One of our nation's finest just got a well-deserved second shot at a football dream.

Justin Aysse starred as a tight end and defensive lineman at Downey High in Southern California, and got looks from then-Pac-10 schools such as Oregon, USC and Washington. But he figured his dreams of playing big time college football were over because of poor grades. He dropped out of school and decided to join the military.

"At that time in my life," Aysse told Rivals.com, "I didn't think I was ever going to play football again. And I was heartbroken."

But following four years proudly serving his country as a member of the United States Marine Corps in Iraq and Afghanistan, Aysse enrolled at Long Beach City College and began playing on the offensive line. The now 6'5", 285-pound lineman drew interest from schools such as Texas State, Hampton, Utah and Eastern Kentucky.

Right before he was about to choose which program he would join, San Diego State "came out of the blue" with interest in the junior college transfer.

"It's a pretty cool school and you can't beat the year-round weather," Aysse told Rivals.com. "I spent a little time in San Diego when I was training to become a Marine, so I'm familiar with the weather. It's also a veteran-friendly school and I think I can draw a lot of Marine Corps and naval support as far as the fan base goes just from being out there and being a former Marine myself."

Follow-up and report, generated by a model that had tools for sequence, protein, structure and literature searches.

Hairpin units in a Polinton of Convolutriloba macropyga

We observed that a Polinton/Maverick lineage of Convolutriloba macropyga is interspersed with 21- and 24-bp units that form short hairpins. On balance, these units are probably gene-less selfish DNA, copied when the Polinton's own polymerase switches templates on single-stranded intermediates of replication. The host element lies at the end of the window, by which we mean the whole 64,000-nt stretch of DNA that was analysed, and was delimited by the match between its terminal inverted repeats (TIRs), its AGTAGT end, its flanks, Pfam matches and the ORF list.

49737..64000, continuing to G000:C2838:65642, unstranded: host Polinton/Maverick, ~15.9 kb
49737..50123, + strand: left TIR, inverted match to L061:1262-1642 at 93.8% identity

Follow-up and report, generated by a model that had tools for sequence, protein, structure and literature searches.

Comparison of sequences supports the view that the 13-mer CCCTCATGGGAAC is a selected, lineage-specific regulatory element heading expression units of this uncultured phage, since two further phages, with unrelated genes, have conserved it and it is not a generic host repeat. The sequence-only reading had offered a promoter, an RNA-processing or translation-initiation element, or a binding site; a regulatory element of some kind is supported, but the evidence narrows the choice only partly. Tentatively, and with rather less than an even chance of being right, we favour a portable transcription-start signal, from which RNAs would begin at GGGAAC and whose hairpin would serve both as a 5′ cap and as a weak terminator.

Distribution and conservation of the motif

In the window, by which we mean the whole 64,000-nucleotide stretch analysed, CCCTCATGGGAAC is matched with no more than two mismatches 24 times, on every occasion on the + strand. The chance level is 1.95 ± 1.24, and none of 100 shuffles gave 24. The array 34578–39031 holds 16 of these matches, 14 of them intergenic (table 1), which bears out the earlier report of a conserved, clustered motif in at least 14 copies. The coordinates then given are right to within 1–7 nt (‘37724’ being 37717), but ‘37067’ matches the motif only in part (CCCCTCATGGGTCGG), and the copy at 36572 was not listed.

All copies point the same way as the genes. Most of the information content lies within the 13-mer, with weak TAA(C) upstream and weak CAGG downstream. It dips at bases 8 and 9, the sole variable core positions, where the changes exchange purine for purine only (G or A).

Aztecs coach Rocky Long gave Aysee, 25, a full-ride scholarship, and the vet planned to sign with SDSU bright and early Wednesday morning. He's expected to have a chance at playing right away because of a lack of depth on the San Diego State offensive line.

"I'm being blessed to get a second opportunity, go to a D-I school and continue to play ball," he told Rivals.com. "I'm going to play until the wheels fall off."

Whatever happens on the field, after fighting in two wars, we know Aysee is confident his Marine training will pay off.

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"I've been to Iraq and I've been to Afghanistan on both combat deployments," Aysse said. "Unless I'm going up against Dwight Freeney or Michael Strahan, I'm not really worried about who I'm going up against. Everybody can be beat."

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